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Egypt court acquits film producer El-Sobky, daughter receives one-year imprisonment

The trial of Egyptian film producer Mohamed El-Sobky and his daughter over provocative scenes in his film Regatta concluded last week

Ahram Online , Tuesday 19 Jan 2016
regatta
(Photo: Still from Regatta, film by El-Sobky productions)
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Dokki misdemeanour court last week issued a verdict acquitting Mohamed El-Sobky, one of Egypt’s biggest film producers, while his daughter, Rana El-Sobky, who is also a producer, was sentenced to one-year in prison.

Both were charged with marketing content that has sexually provocative and ethically inappropriate imagery.

Rana El-Sobky was also fined LE10,000 and can be released with a bail of LE5,000 pending the appeal.

On his personal Facebook page, El-Sobky stated that although he respects the court’s decision, he intends to file for an appeal against the verdict to prove his daughter’s innocence, and that he will continue to produce films in what he deems “a difficult time in Egyptian cinema.”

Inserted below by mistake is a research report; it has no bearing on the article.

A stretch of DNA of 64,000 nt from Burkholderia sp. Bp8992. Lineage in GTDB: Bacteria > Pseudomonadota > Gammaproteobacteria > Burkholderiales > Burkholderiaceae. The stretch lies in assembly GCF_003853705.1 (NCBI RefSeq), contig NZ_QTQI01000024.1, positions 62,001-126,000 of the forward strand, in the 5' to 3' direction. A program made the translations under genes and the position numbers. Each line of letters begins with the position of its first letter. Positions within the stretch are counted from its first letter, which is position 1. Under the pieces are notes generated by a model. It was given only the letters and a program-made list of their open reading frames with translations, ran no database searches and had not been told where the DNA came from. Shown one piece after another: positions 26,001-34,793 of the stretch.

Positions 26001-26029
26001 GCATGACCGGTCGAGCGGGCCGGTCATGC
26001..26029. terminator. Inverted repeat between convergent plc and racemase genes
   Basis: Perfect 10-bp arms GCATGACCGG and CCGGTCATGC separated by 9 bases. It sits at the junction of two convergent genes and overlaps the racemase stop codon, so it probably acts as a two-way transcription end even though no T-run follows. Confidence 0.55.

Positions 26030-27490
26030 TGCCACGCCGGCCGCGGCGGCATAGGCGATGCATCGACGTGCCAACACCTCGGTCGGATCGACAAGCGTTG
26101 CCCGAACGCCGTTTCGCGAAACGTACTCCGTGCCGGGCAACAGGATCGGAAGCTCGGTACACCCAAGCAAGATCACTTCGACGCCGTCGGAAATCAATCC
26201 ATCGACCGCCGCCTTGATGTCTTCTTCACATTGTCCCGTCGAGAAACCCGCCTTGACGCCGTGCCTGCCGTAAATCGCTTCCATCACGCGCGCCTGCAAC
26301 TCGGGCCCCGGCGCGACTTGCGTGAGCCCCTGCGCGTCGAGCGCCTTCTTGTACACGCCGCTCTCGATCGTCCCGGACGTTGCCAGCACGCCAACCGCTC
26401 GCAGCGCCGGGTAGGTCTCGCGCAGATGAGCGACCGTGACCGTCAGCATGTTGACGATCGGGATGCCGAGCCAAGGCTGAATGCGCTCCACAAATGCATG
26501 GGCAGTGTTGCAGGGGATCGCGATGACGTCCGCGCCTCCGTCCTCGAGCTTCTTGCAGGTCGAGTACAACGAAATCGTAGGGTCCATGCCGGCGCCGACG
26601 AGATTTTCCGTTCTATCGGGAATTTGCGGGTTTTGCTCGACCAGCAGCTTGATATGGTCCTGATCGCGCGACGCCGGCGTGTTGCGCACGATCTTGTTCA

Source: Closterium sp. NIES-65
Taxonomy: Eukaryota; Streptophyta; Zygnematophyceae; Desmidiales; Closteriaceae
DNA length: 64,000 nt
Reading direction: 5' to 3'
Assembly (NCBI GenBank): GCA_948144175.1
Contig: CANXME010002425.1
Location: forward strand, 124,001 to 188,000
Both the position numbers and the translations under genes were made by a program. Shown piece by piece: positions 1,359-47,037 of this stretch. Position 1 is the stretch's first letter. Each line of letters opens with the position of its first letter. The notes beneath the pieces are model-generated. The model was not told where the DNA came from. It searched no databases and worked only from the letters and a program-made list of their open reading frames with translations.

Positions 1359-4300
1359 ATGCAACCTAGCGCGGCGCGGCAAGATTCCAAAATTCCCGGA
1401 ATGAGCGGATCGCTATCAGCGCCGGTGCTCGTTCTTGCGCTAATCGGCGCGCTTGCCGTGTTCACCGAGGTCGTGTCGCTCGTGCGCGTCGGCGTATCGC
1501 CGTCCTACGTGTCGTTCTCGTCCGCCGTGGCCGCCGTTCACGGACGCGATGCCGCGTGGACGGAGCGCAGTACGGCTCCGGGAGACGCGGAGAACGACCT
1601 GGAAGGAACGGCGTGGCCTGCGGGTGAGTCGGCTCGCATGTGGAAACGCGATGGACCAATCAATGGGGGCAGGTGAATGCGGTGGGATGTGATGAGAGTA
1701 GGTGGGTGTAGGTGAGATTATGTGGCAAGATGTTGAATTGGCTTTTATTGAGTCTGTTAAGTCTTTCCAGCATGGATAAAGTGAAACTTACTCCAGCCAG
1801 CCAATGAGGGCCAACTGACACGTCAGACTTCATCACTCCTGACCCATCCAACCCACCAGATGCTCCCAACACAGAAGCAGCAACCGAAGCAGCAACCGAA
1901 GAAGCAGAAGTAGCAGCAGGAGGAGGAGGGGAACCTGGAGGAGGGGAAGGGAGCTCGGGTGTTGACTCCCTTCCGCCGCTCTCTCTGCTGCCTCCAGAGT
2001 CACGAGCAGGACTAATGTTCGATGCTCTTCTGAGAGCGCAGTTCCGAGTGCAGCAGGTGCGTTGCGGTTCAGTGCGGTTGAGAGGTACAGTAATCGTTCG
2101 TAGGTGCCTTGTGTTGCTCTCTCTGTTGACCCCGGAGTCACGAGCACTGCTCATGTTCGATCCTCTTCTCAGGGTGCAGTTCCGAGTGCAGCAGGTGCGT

The trial was commenced last October by plaintiff attorney Samir Sabry, and centred on the Sobky's film Regatta, which was released on 21 January 2015. The film was regarded as ethically and socially inappropriate.

According to the privately owned Al-Shorouk newspaper, the court said that Regatta did not comply with the Censorship Authority’s law regulations, as it contains banned phrases and sentences.

The film, which stars Mahmoud Hemida, Rania Youssef, and Amr Saad, reportedly garnered over LE4 million at the box office, according to cinema.com website.

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Sam Enslow
19-01-2016 03:01pm
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One man's opinion vs Constitution
Who is this lawyer who believes if he personally doesn't like something that is said, filmed, or written, it should be the cause for legal action? It appears as though he practices legal blackmail. In this case, it would appear The Constitution is with the producers, but what will this case cost them? Can they recover any financial losses?
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